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Evaluation of Fractures on Monkshood Anticline, a Detachment Fold in the
William R. Jamison2
Monkshood anticline is a well-exposed surface
anticline located in the Foothills in northeastern British Columbia. Extension
fractures are well developed in the Prophet Formation (a carbonate-shale-chert
sequence) throughout this fold. Virtually all of these fractures are filled
with some combination of calcite and quartz cements. The fractures formed
and the mineral cements were deposited during the fold development.
Most fractures on Monkshood anticline have
formed at high angles to bedding, and they commonly fall into two to three
distinct orientation sets. The dominant fracture trend is aligned with
the fold axis through the backlimb of the fold, but there is considerable
variance in the dominant orientation in the forelimb. An order of magnitude
variation is found in fracture densities across this fold, and over two
orders of magnitude variation occur in mean fracture aperture. These variations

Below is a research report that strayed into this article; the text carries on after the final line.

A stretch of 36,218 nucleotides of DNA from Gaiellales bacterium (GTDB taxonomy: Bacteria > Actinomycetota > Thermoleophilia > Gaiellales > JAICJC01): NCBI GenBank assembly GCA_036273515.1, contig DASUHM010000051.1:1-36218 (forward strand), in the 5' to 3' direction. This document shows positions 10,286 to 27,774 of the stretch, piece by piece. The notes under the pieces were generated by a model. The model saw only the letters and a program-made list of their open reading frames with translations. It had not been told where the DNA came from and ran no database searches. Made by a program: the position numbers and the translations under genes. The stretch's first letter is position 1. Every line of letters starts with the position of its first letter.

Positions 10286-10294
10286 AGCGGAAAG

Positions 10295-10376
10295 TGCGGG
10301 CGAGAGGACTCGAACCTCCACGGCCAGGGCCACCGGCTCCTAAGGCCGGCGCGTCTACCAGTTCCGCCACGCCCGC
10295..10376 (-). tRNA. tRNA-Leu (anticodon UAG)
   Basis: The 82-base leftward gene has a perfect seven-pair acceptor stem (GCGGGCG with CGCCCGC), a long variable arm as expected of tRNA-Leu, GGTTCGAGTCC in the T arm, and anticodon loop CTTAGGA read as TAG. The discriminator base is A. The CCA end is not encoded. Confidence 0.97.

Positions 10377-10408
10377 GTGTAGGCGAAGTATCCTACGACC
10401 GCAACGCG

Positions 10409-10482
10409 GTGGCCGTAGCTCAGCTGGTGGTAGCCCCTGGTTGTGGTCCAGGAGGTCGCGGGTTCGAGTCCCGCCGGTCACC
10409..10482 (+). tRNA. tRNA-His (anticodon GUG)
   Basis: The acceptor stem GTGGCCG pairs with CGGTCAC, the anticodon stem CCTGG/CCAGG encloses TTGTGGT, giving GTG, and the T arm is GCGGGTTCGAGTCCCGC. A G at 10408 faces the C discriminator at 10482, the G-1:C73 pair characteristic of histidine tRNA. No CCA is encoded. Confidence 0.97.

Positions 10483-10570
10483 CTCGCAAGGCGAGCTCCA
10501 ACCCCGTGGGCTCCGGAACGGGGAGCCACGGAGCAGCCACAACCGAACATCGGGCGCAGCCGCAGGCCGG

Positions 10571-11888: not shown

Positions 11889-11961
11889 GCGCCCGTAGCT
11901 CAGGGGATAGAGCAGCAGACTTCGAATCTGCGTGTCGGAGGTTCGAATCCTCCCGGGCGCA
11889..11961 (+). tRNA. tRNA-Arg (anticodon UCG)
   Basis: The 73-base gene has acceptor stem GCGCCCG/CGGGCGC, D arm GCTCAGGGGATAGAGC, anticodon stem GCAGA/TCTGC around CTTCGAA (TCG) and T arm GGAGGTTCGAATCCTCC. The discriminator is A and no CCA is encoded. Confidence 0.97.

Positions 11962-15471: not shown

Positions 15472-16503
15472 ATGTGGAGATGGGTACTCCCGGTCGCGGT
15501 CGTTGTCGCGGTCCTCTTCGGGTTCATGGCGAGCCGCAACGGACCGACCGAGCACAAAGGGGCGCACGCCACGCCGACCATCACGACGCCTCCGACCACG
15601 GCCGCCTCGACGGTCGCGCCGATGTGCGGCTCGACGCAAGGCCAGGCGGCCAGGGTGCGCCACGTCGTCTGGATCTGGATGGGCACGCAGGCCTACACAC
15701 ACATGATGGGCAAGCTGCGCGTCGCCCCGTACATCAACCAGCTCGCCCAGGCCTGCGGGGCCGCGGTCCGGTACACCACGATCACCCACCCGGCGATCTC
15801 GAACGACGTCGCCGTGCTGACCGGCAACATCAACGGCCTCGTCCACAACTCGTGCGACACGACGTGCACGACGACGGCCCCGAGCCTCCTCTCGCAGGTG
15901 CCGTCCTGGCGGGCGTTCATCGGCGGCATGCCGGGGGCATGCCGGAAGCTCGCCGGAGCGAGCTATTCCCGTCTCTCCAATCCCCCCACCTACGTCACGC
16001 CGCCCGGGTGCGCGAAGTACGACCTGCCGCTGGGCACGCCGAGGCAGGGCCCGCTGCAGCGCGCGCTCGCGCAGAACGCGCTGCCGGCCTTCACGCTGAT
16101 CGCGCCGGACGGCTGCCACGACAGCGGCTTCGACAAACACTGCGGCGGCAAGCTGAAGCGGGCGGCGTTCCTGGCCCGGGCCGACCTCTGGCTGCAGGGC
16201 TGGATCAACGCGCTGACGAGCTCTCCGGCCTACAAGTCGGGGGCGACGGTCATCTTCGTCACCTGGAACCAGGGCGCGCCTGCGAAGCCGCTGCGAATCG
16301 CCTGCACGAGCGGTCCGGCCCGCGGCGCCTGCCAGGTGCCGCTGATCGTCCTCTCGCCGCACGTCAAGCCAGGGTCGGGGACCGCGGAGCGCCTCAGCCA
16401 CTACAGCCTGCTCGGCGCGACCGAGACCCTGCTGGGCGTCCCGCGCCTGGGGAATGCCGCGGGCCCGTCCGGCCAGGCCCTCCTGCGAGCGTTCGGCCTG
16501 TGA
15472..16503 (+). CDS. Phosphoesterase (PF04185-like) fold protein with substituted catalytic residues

in density and aperture do not correlate with particular structural positions.
Fracture trace lengths exhibit power-law distribution patterns, suggesting
fractal character. Fracture aperture displays a roughly linear correlation
to volumetric fracture strain, but shows no consistent association with
either density or trace length.
1997. The American Association of Petroleum Geologists. All rights reserved.
received January 5, 1996; revised manuscript received August 19, 1996;
final acceptance January 20, 1997.
for Earth Resources Research, Department of Earth Sciences, Memorial University
of Newfoundland, St. John's, Newfoundland A1B 3X5, Canada. Present address:
The Upper Crust, Inc., 7340-11th Street SW, Calgary, Alberta T2V 1N1, Canada.
study has been made possible through the financial support of Amoco Canada
Petroleum Ltd., Mobil Oil Canada, Phillips Petroleum Resources Ltd., Talisman
Energy Ltd., and a National Science and Engineering Research Council (NSERC)
grant. Stable isotope analyses were conducted by Mark Wilson. Stochastic
modeling was conducted using the program FracMan®,
vended by Golder Associates, Inc. This manuscript greatly benefited from
the thoughtful and constructive reviews of Stephen Laubach, John Lorenz,
and Ron Nelson.
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